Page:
The hung task is detected by linux kernel by parsing processes with uninterruptible sleep state(which are waiting for some event or resource and is usually not going to move forward) for long time and which are stalled into this D state.
In this article, we will see how to enable task panic for such hanged tasks and collect core dump for that task to troubleshoot later.
Here we assume that you already have kernel dump enabled on system and core collection working fine.
1. Enable Task Panic on Hung task(Temporarily)
# echo '1' > /proc/sys/kernel/hung_task_panic
2. Enable Task Panic on Hung task(Permanently)
#### a. Open file to write new line # vi /etc/sysctl.conf #### b. Put below line to enable panic on hung task kernel.hung_task_panic = 1 #### c. Now enable the mentioned parameter # sysctl -p
3. Lets Check out all four hung parameters available
There are two ways to check this out.
The first one to grep from /proc files is preferred as it returns output even when there are few parameters not set.
However sysctl command will show null output in case no parameter is set.
# grep -Hv "zz" /proc/sys/kernel/hung* /proc/sys/kernel/hung_task_check_count:4194304 /proc/sys/kernel/hung_task_panic:1 /proc/sys/kernel/hung_task_timeout_secs:240 /proc/sys/kernel/hung_task_warnings:15 # sysctl -q kernel | grep hung | sort kernel.hung_task_check_count = 32768 kernel.hung_task_panic = 1 kernel.hung_task_timeout_secs = 240 kernel.hung_task_warnings = 15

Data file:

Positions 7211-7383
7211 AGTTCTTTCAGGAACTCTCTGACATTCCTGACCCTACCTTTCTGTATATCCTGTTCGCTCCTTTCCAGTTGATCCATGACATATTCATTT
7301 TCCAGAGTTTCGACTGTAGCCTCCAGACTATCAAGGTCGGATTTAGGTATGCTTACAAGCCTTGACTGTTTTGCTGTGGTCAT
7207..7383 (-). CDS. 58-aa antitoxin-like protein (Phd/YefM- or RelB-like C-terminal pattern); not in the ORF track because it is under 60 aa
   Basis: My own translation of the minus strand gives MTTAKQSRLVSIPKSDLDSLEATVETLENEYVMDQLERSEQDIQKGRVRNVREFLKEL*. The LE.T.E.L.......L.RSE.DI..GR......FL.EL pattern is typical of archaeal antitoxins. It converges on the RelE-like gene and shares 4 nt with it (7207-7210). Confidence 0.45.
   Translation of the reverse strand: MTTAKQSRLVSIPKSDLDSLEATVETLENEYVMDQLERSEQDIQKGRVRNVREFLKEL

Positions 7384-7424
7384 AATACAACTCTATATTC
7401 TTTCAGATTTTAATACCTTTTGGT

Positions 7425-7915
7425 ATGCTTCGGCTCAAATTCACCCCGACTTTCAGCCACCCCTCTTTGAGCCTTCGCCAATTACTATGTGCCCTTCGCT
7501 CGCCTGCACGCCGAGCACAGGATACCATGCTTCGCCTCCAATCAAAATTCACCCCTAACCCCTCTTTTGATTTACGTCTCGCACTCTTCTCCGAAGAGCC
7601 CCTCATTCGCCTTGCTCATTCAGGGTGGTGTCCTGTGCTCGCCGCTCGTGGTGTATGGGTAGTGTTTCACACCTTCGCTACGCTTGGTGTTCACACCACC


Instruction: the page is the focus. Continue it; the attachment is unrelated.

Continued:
4. Understanding hung parameters
|kernel.hung_task_check_count = 32768||Maximum number of 32768 processes to check on system|
|kernel.hung_task_panic = 1||Tells system to panic if tasks are blocked for more than hung_task_timeout_secs value|
|kernel.hung_task_timeout_secs = 240||A task is considered hung task when its not responding for 240 seconds here and a warning is issued.|
|kernel.hung_task_warnings = 15||Maximum number of warning for a hunged task, after which the task got panic and core dumped.|